The Facebook phone.
Along with Apple's fabled television set, it's the one rumor in tech that just won't die.
Those rumors picked up again this week after Facebook invited the press to an Android-themed event on April 4 at its Menlo Park headquarters.
According to multiple reports, Facebook will introduce a tweaked version of Google's Android operating system that has a lot of Facebook features like the News Feed and photos baked into the home screen. HTC will reportedly be the first manufacturer to sell a phone running Facebook's version of Android and Facebook is looking for others to get on board too.
So it's not exactly a Facebook phone, but an Android-based platform with a bunch of Facebook stuff tacked on.
The thing is, such a device already exists. It's the phone you're using now.
Facebook has a growing suite of mobile apps for iOS and Android that can turn any phone into a "Facebook Phone."
There's Messenger, which now lets you make free calls to your Facebook friends over a data connection in addition to sending them text messages. Then there's Instagram or Facebook's own Camera app for photo sharing. And don't forget about Poke, which lets you send self-destructing photos and messages, sort of like Snapchat.
If you have an iPhone, Facebook is already baked into the operating system. Just log in once, and you can share stuff like status updates, links, and photos directly from your iPhone without having to open up the Facebook app. It also makes it easier for third-party iPhone apps to connect to your Facebook account. If you install the regular Facebook app on an Android phone, you get similar functionality, at least when it comes to sharing stuff.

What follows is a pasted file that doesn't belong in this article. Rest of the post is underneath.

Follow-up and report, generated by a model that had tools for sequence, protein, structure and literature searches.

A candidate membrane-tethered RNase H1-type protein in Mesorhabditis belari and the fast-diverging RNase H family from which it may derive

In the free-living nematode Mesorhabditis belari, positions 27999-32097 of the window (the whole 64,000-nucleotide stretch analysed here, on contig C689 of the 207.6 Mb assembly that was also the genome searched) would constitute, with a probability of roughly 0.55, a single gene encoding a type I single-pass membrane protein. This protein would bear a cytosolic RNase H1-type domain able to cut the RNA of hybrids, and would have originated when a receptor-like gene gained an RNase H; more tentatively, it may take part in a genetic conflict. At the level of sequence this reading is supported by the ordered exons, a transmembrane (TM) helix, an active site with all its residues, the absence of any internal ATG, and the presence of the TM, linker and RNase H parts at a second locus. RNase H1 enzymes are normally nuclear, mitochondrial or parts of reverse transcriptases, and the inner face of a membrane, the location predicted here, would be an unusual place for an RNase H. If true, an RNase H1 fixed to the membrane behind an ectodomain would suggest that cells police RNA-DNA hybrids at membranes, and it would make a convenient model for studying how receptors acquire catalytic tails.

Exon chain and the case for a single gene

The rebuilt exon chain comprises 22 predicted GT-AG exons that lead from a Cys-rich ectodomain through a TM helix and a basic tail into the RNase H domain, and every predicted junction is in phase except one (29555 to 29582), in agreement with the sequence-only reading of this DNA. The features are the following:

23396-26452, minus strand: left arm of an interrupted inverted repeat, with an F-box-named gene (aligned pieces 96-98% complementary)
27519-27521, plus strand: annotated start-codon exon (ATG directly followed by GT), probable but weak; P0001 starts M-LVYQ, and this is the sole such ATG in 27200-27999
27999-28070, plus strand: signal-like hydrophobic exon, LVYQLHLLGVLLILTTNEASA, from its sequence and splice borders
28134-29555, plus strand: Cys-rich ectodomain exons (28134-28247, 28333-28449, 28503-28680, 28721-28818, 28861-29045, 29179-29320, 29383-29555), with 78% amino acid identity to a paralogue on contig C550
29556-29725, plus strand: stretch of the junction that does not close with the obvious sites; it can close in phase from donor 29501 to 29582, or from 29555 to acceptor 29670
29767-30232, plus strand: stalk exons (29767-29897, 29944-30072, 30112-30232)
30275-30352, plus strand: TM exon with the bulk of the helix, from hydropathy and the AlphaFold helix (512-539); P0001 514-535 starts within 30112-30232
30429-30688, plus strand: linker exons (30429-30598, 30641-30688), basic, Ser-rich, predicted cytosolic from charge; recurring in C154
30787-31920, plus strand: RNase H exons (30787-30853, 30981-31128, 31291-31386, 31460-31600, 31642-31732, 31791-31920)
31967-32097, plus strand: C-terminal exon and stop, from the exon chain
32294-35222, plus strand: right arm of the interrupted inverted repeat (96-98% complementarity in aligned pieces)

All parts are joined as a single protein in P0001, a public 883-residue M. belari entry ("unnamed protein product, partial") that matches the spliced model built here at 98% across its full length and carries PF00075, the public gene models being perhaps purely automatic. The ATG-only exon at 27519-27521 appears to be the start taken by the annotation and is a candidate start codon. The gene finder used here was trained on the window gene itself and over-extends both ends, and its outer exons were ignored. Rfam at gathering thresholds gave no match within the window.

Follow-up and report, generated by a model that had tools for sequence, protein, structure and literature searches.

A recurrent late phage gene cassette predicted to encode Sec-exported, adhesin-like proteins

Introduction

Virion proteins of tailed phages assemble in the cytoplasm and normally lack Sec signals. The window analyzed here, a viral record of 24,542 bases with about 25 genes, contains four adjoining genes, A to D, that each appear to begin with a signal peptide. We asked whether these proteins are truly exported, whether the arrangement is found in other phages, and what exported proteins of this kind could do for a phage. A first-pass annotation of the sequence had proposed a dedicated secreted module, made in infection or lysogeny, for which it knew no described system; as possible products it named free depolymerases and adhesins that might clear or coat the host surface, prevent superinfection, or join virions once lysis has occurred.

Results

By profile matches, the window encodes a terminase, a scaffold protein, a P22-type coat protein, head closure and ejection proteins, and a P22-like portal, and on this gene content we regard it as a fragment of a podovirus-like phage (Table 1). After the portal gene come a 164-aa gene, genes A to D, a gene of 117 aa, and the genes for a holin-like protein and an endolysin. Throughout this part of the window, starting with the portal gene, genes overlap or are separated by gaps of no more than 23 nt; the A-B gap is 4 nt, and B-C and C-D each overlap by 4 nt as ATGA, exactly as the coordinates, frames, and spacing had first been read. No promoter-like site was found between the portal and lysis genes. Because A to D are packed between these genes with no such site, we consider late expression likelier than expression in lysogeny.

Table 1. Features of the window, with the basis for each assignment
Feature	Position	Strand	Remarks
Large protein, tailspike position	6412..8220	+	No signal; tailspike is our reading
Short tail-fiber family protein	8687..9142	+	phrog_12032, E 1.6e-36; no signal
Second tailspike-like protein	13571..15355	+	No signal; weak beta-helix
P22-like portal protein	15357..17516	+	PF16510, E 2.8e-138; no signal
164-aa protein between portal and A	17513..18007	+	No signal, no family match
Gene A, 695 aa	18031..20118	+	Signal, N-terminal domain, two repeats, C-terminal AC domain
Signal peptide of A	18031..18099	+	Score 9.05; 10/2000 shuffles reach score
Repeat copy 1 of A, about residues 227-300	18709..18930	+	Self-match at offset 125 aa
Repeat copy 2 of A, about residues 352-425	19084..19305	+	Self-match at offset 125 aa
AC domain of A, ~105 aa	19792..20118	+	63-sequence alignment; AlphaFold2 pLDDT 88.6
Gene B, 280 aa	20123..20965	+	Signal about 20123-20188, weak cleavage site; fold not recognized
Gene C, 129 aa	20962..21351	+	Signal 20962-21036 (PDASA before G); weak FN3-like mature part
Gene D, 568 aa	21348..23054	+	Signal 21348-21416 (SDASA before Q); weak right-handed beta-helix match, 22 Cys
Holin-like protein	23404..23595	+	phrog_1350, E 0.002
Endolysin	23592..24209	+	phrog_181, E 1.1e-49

It's hard to imagine what additional functionality Facebook could add to its own tweaked Android OS. (A widget with your Facebook News Feed? Notifications with new messages on the lock screen? A Facebook-blue color scheme?)
So assuming all the reports are true –– and they're so consistent from so many different sources that it'll be a shocker if they weren't –– it feels a bit odd that Facebook would go out of its way to recreate its social experience on a tweaked version of Android when any phone can get the same benefit just by installing a few apps.
Every phone is already a Facebook phone, whether it's branded that way or not.
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